If you've been reading this blog for a bit, you've probably noticed that we don't focus much on animal rights/animal welfare. For the most part, Jane and I came to veganism through a desire for better health. And so our focus is health, food, and lifestyle. As time has gone by, the health reasons that motivated us to become vegan in the first place have become less dominant; the thought of eating meat again has become abhorrent. And so, we dip our toes into the issue of anti-vivisection.
Gary, over at Animal Writings has been authoring a difficult series of late. It's all about the horrors of animal testing, from the abysmal treatment of the animals themselves to the inaccuracies of using animals to determine how drugs/procedures will impact humans. One of the resources he's used is a book called Sacred Cows and Golden Geese: The Human Cost of Experiments on Animals. My library had a copy, and so I borrowed it. It's been sitting on the coffee table and every night or two I pick it up, only to put it down again. That's no criticism of the book. I'm just not sure I want to know more!
Coincidentally, when I picked up the book this evening, I opened to this quote:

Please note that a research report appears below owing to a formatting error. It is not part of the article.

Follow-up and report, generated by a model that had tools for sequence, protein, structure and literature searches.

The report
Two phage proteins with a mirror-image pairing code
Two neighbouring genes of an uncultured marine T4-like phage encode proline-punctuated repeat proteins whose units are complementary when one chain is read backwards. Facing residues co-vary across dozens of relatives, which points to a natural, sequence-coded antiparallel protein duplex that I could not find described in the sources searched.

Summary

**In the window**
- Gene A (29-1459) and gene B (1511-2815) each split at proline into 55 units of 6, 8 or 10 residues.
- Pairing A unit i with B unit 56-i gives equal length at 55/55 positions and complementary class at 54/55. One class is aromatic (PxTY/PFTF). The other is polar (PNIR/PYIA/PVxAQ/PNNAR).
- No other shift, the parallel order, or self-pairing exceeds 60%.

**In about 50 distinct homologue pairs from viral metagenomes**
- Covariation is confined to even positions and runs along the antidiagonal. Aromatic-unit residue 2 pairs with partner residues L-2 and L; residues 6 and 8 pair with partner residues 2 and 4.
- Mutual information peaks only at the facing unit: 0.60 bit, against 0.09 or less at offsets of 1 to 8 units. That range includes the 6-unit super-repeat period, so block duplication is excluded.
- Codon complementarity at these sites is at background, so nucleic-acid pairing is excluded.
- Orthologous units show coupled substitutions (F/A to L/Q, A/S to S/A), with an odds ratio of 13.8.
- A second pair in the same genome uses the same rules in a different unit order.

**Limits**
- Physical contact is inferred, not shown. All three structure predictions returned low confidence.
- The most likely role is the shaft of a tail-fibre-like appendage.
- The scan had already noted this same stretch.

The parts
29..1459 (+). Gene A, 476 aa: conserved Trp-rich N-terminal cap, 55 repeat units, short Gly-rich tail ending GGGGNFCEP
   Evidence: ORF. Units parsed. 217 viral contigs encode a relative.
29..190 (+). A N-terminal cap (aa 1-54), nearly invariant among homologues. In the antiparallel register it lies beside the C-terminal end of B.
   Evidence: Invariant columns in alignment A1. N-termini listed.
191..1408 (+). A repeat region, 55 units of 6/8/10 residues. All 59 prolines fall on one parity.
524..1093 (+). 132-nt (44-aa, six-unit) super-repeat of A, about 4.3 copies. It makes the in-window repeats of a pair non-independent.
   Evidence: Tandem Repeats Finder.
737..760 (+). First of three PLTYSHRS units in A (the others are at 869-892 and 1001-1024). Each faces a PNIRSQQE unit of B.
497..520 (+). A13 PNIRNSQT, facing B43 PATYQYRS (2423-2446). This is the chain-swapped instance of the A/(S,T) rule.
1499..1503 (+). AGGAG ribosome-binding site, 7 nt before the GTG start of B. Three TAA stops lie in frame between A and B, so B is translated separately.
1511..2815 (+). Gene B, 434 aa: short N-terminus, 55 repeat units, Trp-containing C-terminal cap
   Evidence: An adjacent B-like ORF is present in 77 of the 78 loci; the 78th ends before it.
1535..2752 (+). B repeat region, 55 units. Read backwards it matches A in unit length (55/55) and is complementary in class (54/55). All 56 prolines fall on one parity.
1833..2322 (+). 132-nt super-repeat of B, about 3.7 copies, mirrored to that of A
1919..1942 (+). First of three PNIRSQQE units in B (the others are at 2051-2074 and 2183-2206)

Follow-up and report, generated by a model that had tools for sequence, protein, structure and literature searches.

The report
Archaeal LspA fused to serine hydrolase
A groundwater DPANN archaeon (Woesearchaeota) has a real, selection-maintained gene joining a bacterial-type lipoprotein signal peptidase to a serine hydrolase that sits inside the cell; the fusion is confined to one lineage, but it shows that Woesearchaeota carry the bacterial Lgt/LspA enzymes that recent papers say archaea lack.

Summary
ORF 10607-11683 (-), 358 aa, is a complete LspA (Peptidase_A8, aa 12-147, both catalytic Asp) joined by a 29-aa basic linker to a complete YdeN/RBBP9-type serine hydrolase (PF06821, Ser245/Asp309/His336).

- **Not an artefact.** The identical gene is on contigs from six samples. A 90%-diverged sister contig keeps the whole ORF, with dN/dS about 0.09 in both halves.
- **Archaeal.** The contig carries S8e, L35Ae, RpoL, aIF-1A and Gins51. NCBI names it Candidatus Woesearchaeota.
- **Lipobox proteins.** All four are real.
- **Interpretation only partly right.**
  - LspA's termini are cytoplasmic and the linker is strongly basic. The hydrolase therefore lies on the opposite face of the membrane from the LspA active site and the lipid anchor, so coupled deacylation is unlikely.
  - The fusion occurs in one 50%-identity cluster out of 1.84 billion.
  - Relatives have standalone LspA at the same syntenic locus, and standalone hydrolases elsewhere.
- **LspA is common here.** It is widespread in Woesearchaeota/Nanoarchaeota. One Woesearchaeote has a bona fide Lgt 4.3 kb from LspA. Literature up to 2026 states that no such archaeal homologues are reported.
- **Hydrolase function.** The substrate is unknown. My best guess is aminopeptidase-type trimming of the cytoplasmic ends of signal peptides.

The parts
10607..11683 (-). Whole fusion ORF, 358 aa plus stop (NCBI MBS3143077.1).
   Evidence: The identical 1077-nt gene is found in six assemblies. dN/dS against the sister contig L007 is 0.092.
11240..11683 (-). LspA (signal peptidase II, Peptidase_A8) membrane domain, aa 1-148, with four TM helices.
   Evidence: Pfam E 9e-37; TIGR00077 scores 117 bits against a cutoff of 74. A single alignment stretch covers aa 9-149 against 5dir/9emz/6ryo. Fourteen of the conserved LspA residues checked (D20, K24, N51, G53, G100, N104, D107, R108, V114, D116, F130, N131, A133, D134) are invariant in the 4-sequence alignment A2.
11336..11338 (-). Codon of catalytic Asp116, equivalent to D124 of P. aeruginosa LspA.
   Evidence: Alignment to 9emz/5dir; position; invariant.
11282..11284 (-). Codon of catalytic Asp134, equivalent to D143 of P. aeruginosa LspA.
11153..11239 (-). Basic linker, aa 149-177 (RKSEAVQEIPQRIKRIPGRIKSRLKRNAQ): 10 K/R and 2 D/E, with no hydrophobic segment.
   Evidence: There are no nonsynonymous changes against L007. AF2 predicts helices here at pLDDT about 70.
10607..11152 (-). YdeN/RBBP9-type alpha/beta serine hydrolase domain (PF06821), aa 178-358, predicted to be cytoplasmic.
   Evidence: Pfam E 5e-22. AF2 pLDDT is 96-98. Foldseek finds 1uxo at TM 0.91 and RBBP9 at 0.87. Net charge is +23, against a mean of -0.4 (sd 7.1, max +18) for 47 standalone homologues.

There are, in fact, only two categories of doctors and scientists who are not opposed to vivisection: those who don't know enough about ti, and those who make money from it.
-- Dr. Werner Hartinger, MD 1989
The truth is it's a painful issue to think about. Most of us would rather not consider where our food comes from or how our medications are tested. The scary thing is that this book professes (and documents) that animal testing is unnecessary and causes harm to both animals and humans. So we're perpetrating barbarism and cruelty for no reason.
In order to evolve as a species, we must treat all sentient beings with respect. It's time.
For more information on anti-vivisection see: